Investing is hard, but not from a technical or fundamental standpoint. Most individuals, if interested, can figure out how to build a discounted cash-flow model or learn about the economic projections that drive a global marketplace. No, investing is hard because it is emotional. It is really emotional at times. And, it is really emotional right now.
The collective stock market peaked on Oct. 3 and has been under severe selling pressure. Why? Market pundits will cite an escalating trade war with China, a budget impasse between Italy and the European Union, failed negotiations around Brexit, rising interest rates and the recent, highly contested mid-term election. But the market knew all of that before Oct. 3.
The trade war with China has been escalating for the past several months. Italy and the European Union have been battling since early summer. Brexit has been an ongoing issue for more than two years. The Federal Reserve has been hiking the federal funds rate since December 2015 while being the most “transparent” Fed in history. Mid-terms occur every four years like clockwork. So, why now?
The answer could be anyone’s guess. We can’t control what the market is going to react to and when. Most importantly, we can’t control the temperament (emotional state) of other investors. To remain rational while others are “losing their heads” requires an understanding of your specific goals and objectives.
For new and younger investors — millennial investors, for example — a market correction is a gift. Buying stocks at lower valuations, higher dividend yields and decades of future compounding is the secret to wealth creation. Prospective purchasers of stocks should much prefer sinking prices.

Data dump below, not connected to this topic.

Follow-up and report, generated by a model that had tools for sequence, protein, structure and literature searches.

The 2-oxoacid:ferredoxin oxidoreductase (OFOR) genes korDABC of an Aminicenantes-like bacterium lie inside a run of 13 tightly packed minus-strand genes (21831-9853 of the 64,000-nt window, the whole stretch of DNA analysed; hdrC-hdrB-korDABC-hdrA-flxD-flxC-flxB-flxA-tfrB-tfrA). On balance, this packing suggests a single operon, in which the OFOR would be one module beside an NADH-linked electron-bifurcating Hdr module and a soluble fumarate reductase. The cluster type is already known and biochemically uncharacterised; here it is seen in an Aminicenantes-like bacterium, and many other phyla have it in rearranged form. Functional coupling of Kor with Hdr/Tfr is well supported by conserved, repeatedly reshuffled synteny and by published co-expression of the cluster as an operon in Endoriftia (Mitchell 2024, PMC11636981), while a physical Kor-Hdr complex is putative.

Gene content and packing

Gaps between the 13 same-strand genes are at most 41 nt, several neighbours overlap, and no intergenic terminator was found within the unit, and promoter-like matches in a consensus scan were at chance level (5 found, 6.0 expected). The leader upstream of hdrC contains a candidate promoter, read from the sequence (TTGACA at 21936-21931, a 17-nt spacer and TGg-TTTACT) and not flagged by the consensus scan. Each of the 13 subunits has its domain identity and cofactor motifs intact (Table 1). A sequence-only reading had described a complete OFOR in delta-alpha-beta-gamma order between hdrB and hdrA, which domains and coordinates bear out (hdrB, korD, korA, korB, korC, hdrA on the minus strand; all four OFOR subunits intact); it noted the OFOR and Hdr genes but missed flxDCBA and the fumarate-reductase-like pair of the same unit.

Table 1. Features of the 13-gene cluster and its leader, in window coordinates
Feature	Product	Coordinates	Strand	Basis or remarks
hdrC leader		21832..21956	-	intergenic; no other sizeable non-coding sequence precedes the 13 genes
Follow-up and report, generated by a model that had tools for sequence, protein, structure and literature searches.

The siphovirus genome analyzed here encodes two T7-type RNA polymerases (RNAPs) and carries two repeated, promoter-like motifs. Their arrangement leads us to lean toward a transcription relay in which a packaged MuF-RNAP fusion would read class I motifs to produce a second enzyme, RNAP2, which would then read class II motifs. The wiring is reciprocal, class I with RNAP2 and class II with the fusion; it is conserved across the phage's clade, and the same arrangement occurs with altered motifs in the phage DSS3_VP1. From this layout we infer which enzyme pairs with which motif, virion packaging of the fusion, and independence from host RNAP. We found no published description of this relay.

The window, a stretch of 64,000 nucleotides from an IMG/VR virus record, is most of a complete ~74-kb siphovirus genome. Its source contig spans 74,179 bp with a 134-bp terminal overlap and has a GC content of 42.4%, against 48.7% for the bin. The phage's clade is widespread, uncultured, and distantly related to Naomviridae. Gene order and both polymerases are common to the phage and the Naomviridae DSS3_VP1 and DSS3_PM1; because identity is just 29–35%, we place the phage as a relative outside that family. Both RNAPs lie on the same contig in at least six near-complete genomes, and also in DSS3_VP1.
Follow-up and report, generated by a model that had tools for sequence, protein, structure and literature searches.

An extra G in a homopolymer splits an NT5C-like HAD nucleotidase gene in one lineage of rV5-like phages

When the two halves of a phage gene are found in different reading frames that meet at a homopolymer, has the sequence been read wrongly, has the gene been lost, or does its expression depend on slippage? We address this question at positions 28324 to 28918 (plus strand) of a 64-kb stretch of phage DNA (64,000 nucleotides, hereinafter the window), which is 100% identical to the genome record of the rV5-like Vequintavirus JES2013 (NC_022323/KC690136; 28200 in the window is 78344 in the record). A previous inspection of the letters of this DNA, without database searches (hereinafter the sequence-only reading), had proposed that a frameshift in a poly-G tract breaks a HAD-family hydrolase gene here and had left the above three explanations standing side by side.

For anyone who is a “net-saver” — those who make more than they spend in a given year — a pullback in stocks isn’t going to impact their current lifestyle since they don’t expect to need those savings until well into the future.
While it is largely counterintuitive to hope for a market pullback, it is a great way to reframe your mindset to be able to act during volatile markets. While everyone would love an orderly market that slowly and steadily marches higher, that will never happen. There are too many factors and emotions to consider. However, the investor that can emotionally detach from the whims of the market and view short-term corrections as an opportunity to buy their favorite investments at lower prices, will be substantially better off — both financially and mentally.
For those closer to retirement, it can be helpful to think about your investments in different buckets. One bucket should fund your current lifestyle for the next couple of years and should primarily be comprised of cash and short-term investments. While still meager, rising short-term interest rates are finally protecting this pool against inflation and offering some yield to reward savers.
The other bucket for those nearing retirement should have a longer-term view and include stocks. A longer time horizon cushions against the near-term emotional fluctuations of the market, and while every investment decision and portfolio should take into consideration the unique circumstances of that investor, stocks have been the greatest creator of financial wealth in human history.
Owning stocks is not for the faint of heart, however, as evidenced by this recent bout of volatility. In order to minimize the emotional toll on your well-being, change your mental approach. At CapWealth, we own pieces of businesses, not stocks. We know as much about our portfolio holdings as possible to avoid being “emotionally scared” out of them when markets correct.
Fifty years ago, the average stock was held for 14 years – today it is disposed of after 11 months. Short-termism creates irrational buying and selling for everything to do with the near-term direction of stocks, but nothing to do with the long-term value of businesses. As Benjamin Graham said, “Mr. Market can be our servant or our master.” Since the goal of all investors is to be our “own” boss in retirement, let’s continue to choose the former.
Controlling your emotions is key to long-term financial success. The best recipe for controlling your emotions is to have a financial plan that you understand.
John Lueken is the executive vice president and chief investment strategist at CapWealth.